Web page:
Clarence Thomas Worse than a Member of the KKK
Guest Columnist | , George E. Curry | 7/5/2012, 2:33 p.m.
As the nation eagerly awaited the Supreme Court's decision on the constitutionality of the Affordable Care Act, all eyes were focused on Anthony M. Kennedy, a staunch conservative who occasionally supplies the lone swing vote that tilts the court's narrow 5-4 rulings in one direction or the other.
But this time, to the surprise of arch-conservatives who had championed his cause, Chief Justice John G. Roberts, Jr. sided with the liberal bloc on the Supreme Court, giving President Obama an unexpected clear victory in his signature legislative accomplishment.
What was not surprising was that Clarence Thomas would not step into the role filled by Roberts. He is widely regarded as the most conservative member of a conservative-dominated Supreme Court. Thomas is far more conservative that Hugo Black, a former member of the Ku Klux Klan who served on the court from 1937-1971.
Black, a former U.S. Senator from Alabama (he once filibustered an anti-lynching bill) joined the KKK in the early 1920s. In fact, during the 1926 election, he gave speeches at KKK meetings throughout the state. Black later acknowledged that joining the Klan was a mistake and became one of the most liberal members of the Supreme Court, strongly backing the principle of "one man, one vote" and using the equal protection clause of the 14th Amendment to forbid racial discrimination.
No such luck with Clarence Thomas.
In every major case involving affirmative action - including Texas v. Hopwood, Adarand v. Pena and Grutter v. Bollinger - Thomas voted against the interests of African Americans. What makes that so strange is that Thomas has benefited from affirmative action throughout his adult life.
To characterize Thomas' behavior as resentment is an understatement.
The late U.S. Appeals Court Judge Leon Higginbotham observed, "I have often pondered how is it that Justice Thomas, an African-American, could be so insensitive to the plight of the powerless. Why is he no different, or probably worse, than many of the most conservative Supreme Court justices of the century? I can only think of one Supreme Court justice during the century who was worse than Justice Clarence Thomas: James McReynolds, a white supremacist who referred to blacks as 'niggers.'"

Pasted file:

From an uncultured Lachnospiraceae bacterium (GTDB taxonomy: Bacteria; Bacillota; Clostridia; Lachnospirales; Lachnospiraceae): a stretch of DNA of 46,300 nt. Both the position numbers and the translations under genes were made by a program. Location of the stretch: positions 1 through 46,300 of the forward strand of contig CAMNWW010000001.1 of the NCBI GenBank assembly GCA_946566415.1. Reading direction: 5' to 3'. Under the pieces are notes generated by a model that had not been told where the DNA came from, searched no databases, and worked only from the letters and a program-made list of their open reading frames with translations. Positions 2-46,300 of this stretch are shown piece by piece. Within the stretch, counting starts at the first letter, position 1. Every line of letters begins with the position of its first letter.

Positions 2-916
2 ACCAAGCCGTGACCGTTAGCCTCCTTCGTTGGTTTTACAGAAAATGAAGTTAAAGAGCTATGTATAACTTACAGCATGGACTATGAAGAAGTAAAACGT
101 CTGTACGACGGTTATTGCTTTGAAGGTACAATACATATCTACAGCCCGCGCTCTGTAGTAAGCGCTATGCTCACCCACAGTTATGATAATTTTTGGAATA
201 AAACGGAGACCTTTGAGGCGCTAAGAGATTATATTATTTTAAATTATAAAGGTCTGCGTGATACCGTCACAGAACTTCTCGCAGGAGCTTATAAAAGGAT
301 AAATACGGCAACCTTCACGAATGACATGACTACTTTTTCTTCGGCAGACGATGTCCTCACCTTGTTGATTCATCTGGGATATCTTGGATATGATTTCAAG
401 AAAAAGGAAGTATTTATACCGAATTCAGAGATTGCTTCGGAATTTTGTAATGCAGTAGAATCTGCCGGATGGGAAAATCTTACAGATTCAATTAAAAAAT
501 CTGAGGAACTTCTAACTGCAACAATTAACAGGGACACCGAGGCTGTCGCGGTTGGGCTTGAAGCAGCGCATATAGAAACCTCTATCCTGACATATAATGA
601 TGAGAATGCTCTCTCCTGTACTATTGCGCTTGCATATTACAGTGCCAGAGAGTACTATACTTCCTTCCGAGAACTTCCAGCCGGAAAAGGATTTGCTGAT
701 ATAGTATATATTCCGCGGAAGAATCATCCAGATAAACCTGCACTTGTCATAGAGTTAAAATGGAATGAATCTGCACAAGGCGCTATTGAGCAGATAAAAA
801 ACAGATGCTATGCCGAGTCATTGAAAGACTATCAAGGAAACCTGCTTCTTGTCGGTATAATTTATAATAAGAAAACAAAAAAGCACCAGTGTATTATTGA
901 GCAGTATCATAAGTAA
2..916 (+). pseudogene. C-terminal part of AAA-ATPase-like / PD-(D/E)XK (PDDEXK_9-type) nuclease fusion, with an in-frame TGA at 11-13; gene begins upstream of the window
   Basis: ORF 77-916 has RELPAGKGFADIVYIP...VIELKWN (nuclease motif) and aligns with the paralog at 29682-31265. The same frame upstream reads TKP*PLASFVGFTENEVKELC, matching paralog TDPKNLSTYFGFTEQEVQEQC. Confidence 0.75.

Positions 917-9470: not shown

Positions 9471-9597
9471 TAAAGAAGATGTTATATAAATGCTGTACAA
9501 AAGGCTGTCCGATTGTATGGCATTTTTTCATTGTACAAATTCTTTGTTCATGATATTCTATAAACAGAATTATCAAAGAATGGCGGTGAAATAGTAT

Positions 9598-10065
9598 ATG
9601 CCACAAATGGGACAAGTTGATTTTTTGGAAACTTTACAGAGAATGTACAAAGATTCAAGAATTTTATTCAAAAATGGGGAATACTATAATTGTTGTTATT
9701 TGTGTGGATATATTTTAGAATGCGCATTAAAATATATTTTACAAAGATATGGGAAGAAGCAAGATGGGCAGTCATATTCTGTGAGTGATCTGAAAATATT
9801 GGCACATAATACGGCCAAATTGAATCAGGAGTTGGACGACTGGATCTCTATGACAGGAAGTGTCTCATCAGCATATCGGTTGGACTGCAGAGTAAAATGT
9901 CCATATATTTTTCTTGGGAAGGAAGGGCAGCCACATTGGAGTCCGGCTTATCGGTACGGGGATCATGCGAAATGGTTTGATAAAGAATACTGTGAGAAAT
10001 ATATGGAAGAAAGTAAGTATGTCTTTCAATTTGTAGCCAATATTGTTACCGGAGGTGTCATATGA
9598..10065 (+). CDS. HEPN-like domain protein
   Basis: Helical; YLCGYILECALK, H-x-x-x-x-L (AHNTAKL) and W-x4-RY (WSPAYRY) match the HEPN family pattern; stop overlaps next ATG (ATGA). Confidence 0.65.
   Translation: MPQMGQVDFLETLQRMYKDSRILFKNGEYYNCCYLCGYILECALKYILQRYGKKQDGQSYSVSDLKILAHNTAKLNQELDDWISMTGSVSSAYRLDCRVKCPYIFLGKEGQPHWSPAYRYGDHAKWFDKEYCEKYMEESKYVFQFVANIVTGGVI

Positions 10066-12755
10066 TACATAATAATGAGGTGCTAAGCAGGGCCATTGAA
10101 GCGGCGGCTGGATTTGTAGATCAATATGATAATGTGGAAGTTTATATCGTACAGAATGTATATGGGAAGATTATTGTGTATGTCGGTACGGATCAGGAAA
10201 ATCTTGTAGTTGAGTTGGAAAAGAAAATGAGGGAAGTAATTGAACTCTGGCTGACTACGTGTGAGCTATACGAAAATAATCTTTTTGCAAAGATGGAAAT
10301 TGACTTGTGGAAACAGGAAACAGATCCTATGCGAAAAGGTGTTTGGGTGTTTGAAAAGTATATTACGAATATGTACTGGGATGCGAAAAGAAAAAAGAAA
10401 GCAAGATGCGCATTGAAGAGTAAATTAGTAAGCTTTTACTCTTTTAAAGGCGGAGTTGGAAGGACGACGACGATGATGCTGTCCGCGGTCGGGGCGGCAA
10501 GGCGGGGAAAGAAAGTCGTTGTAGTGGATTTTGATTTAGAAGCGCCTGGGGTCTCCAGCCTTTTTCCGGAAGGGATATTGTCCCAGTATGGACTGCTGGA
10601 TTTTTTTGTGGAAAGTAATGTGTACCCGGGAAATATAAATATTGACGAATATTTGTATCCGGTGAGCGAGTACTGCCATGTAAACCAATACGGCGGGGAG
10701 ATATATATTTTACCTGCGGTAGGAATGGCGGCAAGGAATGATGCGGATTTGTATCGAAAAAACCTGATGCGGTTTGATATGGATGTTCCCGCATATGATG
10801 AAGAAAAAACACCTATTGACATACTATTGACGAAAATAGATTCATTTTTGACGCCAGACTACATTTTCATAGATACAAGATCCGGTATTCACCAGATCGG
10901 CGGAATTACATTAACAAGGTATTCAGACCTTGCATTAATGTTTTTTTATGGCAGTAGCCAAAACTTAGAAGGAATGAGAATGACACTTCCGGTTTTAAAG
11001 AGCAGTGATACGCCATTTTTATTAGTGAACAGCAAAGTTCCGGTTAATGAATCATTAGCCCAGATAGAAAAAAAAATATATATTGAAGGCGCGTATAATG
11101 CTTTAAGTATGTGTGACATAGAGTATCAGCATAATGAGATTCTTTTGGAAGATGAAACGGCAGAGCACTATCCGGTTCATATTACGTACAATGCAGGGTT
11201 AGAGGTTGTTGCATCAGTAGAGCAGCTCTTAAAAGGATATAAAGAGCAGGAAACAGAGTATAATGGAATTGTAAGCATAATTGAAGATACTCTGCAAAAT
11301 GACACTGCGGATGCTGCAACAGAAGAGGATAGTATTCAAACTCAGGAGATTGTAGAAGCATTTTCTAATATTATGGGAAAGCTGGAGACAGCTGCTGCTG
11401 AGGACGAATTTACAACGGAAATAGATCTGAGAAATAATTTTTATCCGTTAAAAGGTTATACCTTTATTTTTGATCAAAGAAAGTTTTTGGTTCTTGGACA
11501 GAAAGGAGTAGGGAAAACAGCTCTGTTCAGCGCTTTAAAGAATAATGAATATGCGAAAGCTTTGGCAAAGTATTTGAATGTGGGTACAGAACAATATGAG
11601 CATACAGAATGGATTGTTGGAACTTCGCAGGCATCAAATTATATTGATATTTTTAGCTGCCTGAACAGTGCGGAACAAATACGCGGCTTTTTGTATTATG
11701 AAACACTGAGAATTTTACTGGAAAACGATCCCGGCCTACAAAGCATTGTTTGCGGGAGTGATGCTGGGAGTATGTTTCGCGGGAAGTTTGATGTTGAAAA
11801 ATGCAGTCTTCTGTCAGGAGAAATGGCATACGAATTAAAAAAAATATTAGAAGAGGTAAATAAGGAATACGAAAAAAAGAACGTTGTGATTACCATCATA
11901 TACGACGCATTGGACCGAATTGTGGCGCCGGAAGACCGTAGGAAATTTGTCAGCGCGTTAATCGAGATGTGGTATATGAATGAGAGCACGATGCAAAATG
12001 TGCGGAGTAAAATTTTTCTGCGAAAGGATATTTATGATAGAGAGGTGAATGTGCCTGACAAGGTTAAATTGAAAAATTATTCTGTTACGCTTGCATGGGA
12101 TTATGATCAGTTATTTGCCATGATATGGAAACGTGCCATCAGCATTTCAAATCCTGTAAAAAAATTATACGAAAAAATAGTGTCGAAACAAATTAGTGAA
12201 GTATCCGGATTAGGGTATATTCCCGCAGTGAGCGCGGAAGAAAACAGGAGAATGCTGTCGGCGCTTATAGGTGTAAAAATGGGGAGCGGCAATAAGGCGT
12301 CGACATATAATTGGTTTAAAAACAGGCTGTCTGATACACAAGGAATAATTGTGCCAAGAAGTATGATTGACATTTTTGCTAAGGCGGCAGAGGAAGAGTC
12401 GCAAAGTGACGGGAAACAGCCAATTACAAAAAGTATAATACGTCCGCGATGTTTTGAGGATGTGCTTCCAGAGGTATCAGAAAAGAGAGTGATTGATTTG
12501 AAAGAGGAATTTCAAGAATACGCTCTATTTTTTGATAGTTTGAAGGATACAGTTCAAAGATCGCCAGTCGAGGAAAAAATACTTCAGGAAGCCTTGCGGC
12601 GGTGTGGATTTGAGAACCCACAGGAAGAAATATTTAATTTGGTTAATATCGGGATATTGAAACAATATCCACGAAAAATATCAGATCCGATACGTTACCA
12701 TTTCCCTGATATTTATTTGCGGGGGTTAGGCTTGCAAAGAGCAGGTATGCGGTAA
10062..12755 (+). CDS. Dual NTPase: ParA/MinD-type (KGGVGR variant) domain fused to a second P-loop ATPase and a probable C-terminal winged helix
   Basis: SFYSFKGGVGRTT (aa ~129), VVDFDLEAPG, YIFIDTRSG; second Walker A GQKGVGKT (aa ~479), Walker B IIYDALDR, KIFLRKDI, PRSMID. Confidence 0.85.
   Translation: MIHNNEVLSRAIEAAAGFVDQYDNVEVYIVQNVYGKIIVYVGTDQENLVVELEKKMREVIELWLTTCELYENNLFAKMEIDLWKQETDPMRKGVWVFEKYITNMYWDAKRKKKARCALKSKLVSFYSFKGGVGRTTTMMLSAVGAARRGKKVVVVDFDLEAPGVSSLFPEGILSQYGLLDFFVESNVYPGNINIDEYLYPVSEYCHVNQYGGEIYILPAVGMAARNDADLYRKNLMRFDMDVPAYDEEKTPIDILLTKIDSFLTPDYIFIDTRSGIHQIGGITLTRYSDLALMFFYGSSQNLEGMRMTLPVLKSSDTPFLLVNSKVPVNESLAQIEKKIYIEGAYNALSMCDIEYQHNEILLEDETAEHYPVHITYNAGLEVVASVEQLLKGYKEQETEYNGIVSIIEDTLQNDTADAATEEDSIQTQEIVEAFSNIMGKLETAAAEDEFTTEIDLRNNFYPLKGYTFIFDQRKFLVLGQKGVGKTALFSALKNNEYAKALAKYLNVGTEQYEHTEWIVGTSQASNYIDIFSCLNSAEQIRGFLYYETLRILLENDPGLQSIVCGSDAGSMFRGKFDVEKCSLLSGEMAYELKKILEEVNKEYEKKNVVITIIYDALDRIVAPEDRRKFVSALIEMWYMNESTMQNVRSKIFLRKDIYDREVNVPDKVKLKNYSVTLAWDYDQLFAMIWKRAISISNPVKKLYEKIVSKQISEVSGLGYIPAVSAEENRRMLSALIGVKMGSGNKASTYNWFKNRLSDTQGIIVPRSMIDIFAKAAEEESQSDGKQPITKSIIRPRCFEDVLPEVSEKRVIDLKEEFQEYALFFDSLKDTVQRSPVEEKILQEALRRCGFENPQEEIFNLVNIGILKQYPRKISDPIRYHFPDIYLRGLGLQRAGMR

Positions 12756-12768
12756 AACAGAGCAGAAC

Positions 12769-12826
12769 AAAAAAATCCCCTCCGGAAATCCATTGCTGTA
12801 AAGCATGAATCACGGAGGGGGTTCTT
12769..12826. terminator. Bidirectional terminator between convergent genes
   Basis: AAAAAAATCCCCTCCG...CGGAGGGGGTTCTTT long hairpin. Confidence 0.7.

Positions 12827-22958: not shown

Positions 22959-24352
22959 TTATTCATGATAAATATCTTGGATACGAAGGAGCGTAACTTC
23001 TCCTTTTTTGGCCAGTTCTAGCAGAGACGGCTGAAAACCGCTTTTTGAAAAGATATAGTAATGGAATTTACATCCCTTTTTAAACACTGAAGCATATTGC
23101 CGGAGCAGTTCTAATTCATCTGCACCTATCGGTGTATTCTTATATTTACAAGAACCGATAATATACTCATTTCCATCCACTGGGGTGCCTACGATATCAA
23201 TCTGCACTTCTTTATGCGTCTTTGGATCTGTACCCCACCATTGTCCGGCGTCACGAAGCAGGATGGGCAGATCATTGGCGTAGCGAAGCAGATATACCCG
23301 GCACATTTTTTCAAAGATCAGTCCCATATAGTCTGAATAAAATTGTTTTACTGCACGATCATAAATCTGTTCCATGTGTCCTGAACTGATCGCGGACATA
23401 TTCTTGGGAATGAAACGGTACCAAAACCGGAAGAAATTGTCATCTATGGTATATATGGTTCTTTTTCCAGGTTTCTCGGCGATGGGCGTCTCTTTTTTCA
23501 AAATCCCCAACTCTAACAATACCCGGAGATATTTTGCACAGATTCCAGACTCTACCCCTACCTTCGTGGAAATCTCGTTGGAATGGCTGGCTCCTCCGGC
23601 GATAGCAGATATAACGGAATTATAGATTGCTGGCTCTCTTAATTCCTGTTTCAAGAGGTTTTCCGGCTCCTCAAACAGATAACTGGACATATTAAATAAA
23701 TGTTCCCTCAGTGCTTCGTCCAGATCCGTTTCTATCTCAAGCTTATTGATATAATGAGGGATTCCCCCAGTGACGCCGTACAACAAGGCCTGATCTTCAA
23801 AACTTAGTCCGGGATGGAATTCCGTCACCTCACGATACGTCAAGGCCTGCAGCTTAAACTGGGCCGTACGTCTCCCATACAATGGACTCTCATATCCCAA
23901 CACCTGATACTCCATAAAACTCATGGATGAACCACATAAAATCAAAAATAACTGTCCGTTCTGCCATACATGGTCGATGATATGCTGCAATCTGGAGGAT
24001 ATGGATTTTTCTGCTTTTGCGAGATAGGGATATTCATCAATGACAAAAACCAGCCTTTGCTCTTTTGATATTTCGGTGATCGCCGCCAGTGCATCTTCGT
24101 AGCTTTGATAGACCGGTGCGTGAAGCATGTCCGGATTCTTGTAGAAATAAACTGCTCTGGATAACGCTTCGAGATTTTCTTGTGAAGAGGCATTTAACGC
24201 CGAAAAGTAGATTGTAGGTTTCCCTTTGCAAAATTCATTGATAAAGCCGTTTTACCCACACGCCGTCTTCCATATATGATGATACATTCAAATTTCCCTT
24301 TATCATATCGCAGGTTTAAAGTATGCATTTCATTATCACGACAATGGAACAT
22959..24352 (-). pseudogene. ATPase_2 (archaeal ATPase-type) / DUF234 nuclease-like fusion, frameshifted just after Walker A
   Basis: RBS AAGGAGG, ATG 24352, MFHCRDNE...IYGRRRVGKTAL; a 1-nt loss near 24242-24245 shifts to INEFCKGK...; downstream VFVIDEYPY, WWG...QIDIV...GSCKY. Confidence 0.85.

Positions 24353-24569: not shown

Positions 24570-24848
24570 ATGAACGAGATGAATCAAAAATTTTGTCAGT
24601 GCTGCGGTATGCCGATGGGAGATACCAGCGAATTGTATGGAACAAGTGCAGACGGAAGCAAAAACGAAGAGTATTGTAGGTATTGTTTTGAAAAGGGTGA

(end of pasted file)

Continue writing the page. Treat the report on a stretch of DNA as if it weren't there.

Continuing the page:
Though arguably the worst, Thomas is by no means the only African American who votes against the interests of his community.
Alabama Congressman Artur Davis was soundly defeated for re-election two years ago because he betrayed his constituents. Under the delusion that he could become the first Black governor of Alabama, Davis fervently attacked local Black leaders and was the only member of the Congressional Black Caucus to vote against the Affordable Care Act.
Longtime Alabama State Senator Hank Sanders challenged Davis tactics.
"Some Whites use race to consolidate White voters during election and some Blacks use race to consolidate Black voters," Sanders wrote in his newsletter, Senate Sketches. "But this time, there is a new context: a technically well qualified Black person is running for Governor of Alabama in the Democratic Primary against a technically well qualified White. There is also a new twist: a Black person is attempting to use the race of other Blacks to consolidate Whites behind him. It's a new context with new twists in an age old saga."